Antonio Gomez, a software engineer in London, said his daily Workrooms meetings are incredibly immersive. Julie Cullinane, a B2B industry manager for Facebook in New York, pushed her team to switch over to Workrooms entirely. It was a way to quickly get up to speed with VR tech. She loves commenting on avatar outfits at the start of each meeting, as well as high-fiving each other.

Horizon Workrooms is only the latest and flashiest tool that Meta employees use to support their work. Workplace, Meta’s internal communication platform, is another essential part of the company toolkit. The tech world became intimately acquainted with Workplace in October 2021 when former employee Frances Haugen leaked a trove of documents that had been posted on the platform. Some screenshots showed remarkably frank comments from employees, expressing criticism and honest feedback about the company.

Honesty is the point, as Harrington uses Workplace to “get a pulse” on how people really feel about working at Meta. She uses Workplace groups like “Remote Social,” a space for full-time remote workers, to learn more about the challenges employees face at work. “If we announce a new product feature internally, the person who launched that product is actively engaging in that thread,” Harrington said.

This type of product feedback was on full display in the Facebook Papers, one example being Facebook's plan to introduce more private spaces within the app in March 2019. Former head of Facebook app Fidji Simo’s post prompted scores of comments, mostly positive but some negative feedback as well.

Like any central communication tool, Workplace brings together co-workers with similar interests. Mark Guth, a chef in Seattle, said he found fellow skiing, tennis and fried chicken enthusiasts. “Being a chef at a tech company can often feel isolating, but I get a lot of social mileage out of Workplace and I’m grateful for that,” Guth said.


Judge Zia Faruqui is trying to teach you crypto, one ‘SNL’ reference at a time

His decisions on major cryptocurrency cases have quoted "The Big Lebowski," "SNL," and "Dr. Strangelove." That’s because he wants you — yes, you — to read them.

The ways Zia Faruqui (right) has weighed on cases that have come before him can give lawyers clues as to what legal frameworks will pass muster.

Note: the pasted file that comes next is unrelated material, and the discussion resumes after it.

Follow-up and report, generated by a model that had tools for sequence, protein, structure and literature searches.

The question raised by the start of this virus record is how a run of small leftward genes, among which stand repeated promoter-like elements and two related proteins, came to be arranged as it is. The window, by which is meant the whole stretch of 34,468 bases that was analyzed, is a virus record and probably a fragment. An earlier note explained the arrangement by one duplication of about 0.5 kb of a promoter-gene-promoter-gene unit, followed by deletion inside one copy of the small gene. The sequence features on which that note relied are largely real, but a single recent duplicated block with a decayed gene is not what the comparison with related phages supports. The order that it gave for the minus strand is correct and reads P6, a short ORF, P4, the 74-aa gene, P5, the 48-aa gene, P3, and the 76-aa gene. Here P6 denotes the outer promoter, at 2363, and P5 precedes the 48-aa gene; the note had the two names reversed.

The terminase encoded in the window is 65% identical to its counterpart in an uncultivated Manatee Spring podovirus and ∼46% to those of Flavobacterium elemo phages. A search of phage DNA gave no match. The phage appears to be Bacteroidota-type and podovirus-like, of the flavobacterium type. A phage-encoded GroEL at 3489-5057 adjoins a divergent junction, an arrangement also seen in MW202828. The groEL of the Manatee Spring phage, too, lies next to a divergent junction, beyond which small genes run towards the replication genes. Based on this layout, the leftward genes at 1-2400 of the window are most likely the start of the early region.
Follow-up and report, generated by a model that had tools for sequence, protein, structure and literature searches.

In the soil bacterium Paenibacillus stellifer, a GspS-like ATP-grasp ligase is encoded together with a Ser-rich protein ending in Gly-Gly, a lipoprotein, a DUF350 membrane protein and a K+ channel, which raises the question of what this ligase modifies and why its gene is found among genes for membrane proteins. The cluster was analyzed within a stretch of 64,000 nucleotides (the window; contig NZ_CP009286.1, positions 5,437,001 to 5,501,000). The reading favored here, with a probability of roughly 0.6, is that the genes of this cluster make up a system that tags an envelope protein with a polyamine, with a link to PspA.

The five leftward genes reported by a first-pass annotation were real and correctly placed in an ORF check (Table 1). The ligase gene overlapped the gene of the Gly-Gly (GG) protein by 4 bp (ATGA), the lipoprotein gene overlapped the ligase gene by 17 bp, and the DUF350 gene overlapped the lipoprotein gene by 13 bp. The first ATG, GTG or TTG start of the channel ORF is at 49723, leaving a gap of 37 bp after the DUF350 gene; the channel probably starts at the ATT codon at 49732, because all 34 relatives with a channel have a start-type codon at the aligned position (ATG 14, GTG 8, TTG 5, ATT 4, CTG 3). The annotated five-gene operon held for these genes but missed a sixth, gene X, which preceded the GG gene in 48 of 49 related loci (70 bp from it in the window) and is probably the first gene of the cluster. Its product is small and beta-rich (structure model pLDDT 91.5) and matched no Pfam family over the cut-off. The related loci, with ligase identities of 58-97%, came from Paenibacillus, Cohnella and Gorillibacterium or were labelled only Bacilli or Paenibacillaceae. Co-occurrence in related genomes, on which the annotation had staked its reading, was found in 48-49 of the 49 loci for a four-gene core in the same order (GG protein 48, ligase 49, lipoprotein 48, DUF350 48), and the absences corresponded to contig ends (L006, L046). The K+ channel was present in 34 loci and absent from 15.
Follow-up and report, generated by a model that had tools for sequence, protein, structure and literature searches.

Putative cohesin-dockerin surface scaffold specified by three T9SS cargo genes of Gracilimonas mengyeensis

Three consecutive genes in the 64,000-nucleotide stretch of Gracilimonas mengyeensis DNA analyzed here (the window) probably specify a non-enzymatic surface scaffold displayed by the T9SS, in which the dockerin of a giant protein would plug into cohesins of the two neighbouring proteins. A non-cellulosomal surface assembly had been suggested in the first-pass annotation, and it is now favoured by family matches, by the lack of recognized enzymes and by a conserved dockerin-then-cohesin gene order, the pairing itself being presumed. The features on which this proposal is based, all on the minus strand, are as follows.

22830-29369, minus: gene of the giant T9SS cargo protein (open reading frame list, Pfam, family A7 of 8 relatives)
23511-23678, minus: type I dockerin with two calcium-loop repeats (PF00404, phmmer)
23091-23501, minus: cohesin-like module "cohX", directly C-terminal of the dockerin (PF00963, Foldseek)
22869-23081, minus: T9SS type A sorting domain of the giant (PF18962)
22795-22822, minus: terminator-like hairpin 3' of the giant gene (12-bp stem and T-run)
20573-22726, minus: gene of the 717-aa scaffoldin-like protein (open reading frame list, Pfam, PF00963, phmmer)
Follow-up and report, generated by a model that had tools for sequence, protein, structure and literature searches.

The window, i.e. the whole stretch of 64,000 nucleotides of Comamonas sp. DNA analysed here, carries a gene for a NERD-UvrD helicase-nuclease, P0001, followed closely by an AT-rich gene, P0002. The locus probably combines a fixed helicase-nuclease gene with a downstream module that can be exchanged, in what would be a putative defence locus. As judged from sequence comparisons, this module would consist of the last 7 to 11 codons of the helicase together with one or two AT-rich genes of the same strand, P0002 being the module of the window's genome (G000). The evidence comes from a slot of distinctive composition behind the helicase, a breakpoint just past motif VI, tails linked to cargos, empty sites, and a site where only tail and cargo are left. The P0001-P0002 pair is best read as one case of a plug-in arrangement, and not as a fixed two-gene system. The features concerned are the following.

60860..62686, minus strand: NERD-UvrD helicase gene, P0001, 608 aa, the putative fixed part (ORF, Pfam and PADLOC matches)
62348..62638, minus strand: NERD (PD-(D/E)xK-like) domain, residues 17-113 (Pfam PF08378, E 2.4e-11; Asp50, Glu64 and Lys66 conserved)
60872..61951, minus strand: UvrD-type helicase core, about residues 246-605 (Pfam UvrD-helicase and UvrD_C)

Photo: Carolyn Van Houten/The Washington Post via Getty Images

“Cryptocurrency and related software analytics tools are ‘The wave of the future, Dude. One hundred percent electronic.’”

That’s not a quote from "The Big Lebowski" — at least, not directly. It’s a quote from a Washington, D.C., district court memorandum opinion on the role cryptocurrency analytics tools can play in government investigations. The author is Magistrate Judge Zia Faruqui.

Keep ReadingShow less
Veronica Irwin

Veronica Irwin (@vronirwin) is a San Francisco-based reporter at Protocol covering fintech. Previously she was at the San Francisco Examiner, covering tech from a hyper-local angle. Before that, her byline was featured in SF Weekly, The Nation, Techworker, Ms. Magazine and The Frisc.

The financial technology transformation is driving competition, creating consumer choice, and shaping the future of finance. Hear from seven fintech leaders who are reshaping the future of finance, and join the inaugural Financial Technology Association Fintech Summit to learn more.

Keep ReadingShow less
The Financial Technology Association (FTA) represents industry leaders shaping the future of finance. We champion the power of technology-centered financial services and advocate for the modernization of financial regulation to support inclusion and responsible innovation.

AWS CEO: The cloud isn’t just about technology

As AWS preps for its annual re:Invent conference, Adam Selipsky talks product strategy, support for hybrid environments, and the value of the cloud in uncertain economic times.

Photo: Noah Berger/Getty Images for Amazon Web Services